The law excludes from the admissible background the previous negotiations of the parties and their declarations of subjective intent. They are admissible only in an action for rectification. The law makes this distinction for reasons of practical policy and, in this respect only,

legal interpretation differs from the way we would interpret utterances in ordinary life. The boundaries of this exception are in some respects unclear. But this is not the occasion on which to explore them.

7 Stated in this way, the exclusionary rule is very broad: all prior negotiations are excluded, except for the purpose of rectification. This is so even if the prior negotiations are not declarations of subjective intention: indeed, in the quotation from Investors Compensation above, prior negotiations are treated as being separate from such declarations by the use of the conjunctive word “and”. In contrast to this broad view of the exclusionary rule, the cases reveal another, narrower view of the exclusionary rule. By this view, the exclusionary rule applies only when prior negotiations are used for certain purposes, such as to advance the parties' subjective intentions. Although prior negotiations are admissible under such a version, it remains that there is a specific exclusionary rule against prior negotiations, and that admission is the exception rather than the norm. It is important to differentiate between the two versions of the exclusionary rule so that we can be certain which applies in Singapore.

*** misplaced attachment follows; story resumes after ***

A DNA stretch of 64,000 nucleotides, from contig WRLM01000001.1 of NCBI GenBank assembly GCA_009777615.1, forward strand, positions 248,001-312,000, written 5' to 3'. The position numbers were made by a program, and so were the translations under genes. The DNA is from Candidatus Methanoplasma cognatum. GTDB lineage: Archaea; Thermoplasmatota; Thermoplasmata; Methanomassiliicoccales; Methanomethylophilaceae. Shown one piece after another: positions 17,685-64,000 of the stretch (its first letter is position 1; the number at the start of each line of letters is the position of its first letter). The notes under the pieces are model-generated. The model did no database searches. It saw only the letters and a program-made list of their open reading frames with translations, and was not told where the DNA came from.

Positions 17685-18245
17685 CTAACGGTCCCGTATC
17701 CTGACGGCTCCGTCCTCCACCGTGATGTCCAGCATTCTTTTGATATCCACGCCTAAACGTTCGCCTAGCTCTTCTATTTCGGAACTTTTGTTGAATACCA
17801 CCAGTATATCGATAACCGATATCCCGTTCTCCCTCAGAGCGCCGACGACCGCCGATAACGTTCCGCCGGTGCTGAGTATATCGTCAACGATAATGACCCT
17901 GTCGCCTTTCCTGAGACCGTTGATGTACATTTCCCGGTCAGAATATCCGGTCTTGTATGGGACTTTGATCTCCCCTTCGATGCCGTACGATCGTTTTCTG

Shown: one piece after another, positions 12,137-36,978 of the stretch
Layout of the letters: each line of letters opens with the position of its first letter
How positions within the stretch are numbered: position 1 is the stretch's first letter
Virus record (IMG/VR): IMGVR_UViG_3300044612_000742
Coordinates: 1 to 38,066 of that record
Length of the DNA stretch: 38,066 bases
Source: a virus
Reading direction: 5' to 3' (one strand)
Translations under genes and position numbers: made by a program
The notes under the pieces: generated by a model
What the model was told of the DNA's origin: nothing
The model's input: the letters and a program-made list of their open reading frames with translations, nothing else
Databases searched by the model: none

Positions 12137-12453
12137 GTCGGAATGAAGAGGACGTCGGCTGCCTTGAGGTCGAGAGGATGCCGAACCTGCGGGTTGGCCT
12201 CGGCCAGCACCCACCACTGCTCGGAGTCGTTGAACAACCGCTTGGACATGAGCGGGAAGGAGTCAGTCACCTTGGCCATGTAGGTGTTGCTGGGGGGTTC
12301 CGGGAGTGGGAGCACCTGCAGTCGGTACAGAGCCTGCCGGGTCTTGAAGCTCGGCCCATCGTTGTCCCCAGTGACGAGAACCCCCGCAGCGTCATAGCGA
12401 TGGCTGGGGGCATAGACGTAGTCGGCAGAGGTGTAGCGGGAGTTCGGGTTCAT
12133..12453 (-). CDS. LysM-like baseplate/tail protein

(a) Broad version

8 The predominant view in England is that it is the broad version of the exclusionary rule that applies there. For example, in Banque Sabbag SAL v Hope,14 which concerned the coverage of an insurance slip over war risks, Mocatta J held that oral evidence of what had been said between the contracting parties could not be admitted in evidence.15 The parties' intentions could only be derived from the contract itself or its performance.16 Similarly, in considering whether subsequent conduct may be admitted in the interpretation of a contract, Lord Wilberforce in L Schuler AG v Wickman Machine Tools Sales Ltd17 (“Wickman Tools”) held that, as a general rule, extrinsic evidence is not admissible for the interpretation of a written contract, and that the parties' intentions must be ascertained...